See also


  1. ^ "Brassica juncea". Germplasm Resources Information Network. Agricultural Research Service, United States Department of Agriculture.
  2. ^ Spect, C.E.; Diederichsen, A. (2001). "Brassica". In Hanelt, Peter (ed.). Mansfeld's Encyclopedia of agricultural and horticultural crops (1. Engl. ed.). Berlin: Springer. pp. 1453‒1456. ISBN 3-540-41017-1. Archived from the original on 28 February 2018. Retrieved 20 February 2018.
  3. ^ a b c d e f g h i Wiersema, John H.; León, Blanca (2013). World Economic Plants: A Standard Reference (2nd ed.). Boca Raton, Florida: CRC Press. p. 112. ISBN 978-1-4398-2142-8. Archived from the original on 28 February 2018. Retrieved 20 February 2018.
  4. ^ United States Food and Drug Administration (2024). "Daily Value on the Nutrition and Supplement Facts Labels". Retrieved 2024-03-28.
  5. ^ National Academies of Sciences, Engineering, and Medicine; Health and Medicine Division; Food and Nutrition Board; Committee to Review the Dietary Reference Intakes for Sodium and Potassium (2019). Oria, Maria; Harrison, Meghan; Stallings, Virginia A. (eds.). Dietary Reference Intakes for Sodium and Potassium. The National Academies Collection: Reports funded by National Institutes of Health. Washington, DC: National Academies Press (US). ISBN 978-0-309-48834-1. PMID 30844154.
  6. ^ Sakorn, P.; Rakariyatham, N. (June 13, 2012). "Biodegradation of glucosinolates in brown mustard seed meal (Brassica juncea) by Aspergillus sp. NR-4201 in liquid and solid-state cultures". Biodegradation. 13 (6): 395–9. doi:10.1023/A:1022851129684. PMID 12713131. S2CID 23927681.
  7. ^ Polistico, Edgie (2017). Philippine Food, Cooking, & Dining Dictionary. Anvil Publishing, Inc. ISBN 9786214200870.
  8. ^ a b "Detention Without Physical Examination of Expressed Mustard Oil". US Food and Drug Administration. 18 March 2011. Archived from the original on 3 March 2016. Retrieved 1 February 2016.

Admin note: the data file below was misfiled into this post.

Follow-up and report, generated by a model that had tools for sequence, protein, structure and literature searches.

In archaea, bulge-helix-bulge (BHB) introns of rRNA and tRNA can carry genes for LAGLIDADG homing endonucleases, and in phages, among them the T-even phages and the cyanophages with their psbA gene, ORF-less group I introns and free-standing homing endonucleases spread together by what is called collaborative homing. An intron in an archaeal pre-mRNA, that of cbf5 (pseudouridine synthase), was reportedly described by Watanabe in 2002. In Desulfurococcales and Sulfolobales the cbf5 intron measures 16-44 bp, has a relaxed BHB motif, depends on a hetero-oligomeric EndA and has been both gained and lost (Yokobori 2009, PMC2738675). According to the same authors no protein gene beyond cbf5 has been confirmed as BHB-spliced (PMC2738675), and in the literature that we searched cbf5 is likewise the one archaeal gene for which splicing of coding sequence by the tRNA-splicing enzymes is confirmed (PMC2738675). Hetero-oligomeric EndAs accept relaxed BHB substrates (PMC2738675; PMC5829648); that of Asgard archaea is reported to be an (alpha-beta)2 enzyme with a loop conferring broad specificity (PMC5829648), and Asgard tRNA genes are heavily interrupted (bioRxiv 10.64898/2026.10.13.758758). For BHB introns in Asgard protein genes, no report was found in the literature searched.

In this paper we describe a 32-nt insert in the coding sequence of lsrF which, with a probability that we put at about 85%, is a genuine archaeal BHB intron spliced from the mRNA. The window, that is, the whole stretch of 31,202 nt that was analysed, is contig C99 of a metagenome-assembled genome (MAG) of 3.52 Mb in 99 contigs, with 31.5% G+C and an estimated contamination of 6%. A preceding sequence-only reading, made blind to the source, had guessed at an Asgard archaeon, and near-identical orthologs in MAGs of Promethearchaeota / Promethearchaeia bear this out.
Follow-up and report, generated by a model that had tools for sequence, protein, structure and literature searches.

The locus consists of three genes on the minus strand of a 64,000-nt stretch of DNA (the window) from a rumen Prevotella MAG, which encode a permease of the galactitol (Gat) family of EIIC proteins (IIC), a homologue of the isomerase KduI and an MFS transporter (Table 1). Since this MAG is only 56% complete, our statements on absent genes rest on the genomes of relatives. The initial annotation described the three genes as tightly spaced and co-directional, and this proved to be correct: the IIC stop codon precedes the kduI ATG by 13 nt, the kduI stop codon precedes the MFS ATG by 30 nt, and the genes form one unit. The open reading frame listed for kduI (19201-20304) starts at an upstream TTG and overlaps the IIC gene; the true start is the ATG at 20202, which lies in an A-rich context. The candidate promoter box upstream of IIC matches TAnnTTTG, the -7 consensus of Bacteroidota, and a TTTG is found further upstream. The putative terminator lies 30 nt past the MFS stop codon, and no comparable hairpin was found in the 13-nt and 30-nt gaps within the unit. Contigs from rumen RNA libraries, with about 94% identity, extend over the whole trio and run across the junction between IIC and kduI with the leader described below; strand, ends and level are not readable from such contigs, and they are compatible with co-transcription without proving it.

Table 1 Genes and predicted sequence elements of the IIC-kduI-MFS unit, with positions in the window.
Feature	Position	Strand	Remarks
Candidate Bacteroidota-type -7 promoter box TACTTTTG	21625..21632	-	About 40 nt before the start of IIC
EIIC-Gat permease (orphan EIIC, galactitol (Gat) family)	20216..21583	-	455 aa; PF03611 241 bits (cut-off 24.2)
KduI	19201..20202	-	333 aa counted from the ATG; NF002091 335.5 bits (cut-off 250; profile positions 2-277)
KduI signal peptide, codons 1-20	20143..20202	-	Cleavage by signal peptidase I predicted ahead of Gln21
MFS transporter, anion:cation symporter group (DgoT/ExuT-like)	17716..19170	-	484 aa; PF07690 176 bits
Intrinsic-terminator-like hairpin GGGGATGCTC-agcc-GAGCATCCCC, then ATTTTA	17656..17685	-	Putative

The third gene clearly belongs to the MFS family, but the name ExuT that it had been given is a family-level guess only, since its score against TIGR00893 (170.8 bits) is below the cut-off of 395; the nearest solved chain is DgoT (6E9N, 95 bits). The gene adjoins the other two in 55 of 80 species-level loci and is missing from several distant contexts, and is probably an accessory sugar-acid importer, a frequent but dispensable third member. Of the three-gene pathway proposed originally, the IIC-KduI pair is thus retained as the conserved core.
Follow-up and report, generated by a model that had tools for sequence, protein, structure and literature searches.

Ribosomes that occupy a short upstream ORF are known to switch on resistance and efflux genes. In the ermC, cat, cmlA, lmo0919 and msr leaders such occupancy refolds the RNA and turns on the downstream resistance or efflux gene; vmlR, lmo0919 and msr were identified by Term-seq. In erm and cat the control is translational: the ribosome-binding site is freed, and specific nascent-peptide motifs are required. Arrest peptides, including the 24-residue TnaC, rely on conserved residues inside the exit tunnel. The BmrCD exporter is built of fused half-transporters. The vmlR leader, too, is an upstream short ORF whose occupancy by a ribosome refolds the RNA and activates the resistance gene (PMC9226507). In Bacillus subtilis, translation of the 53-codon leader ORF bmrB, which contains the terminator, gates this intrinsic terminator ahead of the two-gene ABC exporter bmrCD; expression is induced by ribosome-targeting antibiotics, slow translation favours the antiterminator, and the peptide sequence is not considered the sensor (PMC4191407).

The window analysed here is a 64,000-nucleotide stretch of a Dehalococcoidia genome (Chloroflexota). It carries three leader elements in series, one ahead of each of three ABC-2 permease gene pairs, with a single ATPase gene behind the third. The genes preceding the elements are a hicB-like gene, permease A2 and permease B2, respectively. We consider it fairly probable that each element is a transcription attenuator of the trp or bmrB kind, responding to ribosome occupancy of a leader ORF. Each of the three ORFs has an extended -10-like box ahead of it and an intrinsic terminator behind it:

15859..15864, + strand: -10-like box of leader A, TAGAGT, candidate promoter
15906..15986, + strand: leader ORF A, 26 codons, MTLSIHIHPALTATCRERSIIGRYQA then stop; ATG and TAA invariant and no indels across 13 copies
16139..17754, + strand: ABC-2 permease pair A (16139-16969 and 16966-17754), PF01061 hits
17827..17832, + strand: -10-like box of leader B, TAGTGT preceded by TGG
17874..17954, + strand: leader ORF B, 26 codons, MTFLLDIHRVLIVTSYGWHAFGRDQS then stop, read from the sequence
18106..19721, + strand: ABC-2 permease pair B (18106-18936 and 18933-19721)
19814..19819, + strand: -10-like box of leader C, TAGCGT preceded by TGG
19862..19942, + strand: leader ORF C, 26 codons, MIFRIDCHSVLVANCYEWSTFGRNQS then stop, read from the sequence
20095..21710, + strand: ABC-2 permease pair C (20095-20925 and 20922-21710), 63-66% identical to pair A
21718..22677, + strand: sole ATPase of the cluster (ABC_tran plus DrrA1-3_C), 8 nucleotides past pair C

9. ^ Grubben, G.J.H. & Denton, O.A. (2004) Plant Resources of Tropical Africa 2. Vegetables. PROTA Foundation, Wageningen; Backhuys, Leiden; CTA, Wageningen.
  10. ^ Chandrassekaran, V. K. (February 24, 2013). "Flavour of Punjab". The Hindu. Archived from the original on 27 February 2013. Retrieved 6 March 2013.
  11. ^ Ghawi, S. K.; Shen, Y; Niranjan, K; Methven, L (2014). "Consumer acceptability and sensory profile of cooked broccoli with mustard seeds added to improve chemoprotective properties". Journal of Food Science. 79 (9): S1756–62. doi:10.1111/1750-3841.12556. PMID 25156799.
  12. ^ "Kai Choi - Your British Oriental Vegetable Grower". Archived from the original on 2014-05-31.
  13. ^ "Mustard Green Manure Seeds". Archived from the original on February 28, 2018. Retrieved February 28, 2018.
  14. ^ a b Naser A. Anjum; et al., eds. (2012). The plant family Brassicaceae contribution towards phytoremediation. Dordrecht: Springer. ISBN 9789400739130.
  15. ^ Schneider, Thorsten; Haag-Kerwer, Angela; Maetz, Mischa; Niecke, Manfred; Povh, Bogdan; Rausch, Thomas; Schüßler, Arthur (September 1999). "Micro-PIXE studies of elemental distribution in Cd-accumulating Brassica juncea L". Nuclear Instruments and Methods in Physics Research Section B: Beam Interactions with Materials and Atoms. 158 (1–4): 329–334. Bibcode:1999NIMPB.158..329S. doi:10.1016/S0168-583X(99)00356-0.
  16. ^ Lone, M. I; He, Z. L; Stoffella, P. J; Yang, X. E (2008). "Phytoremediation of heavy metal polluted soils and water: Progresses and perspectives". Journal of Zhejiang University Science B. 9 (3): 210–220. doi:10.1631/jzus.B0710633. PMC 2266886. PMID 18357623.

Further reading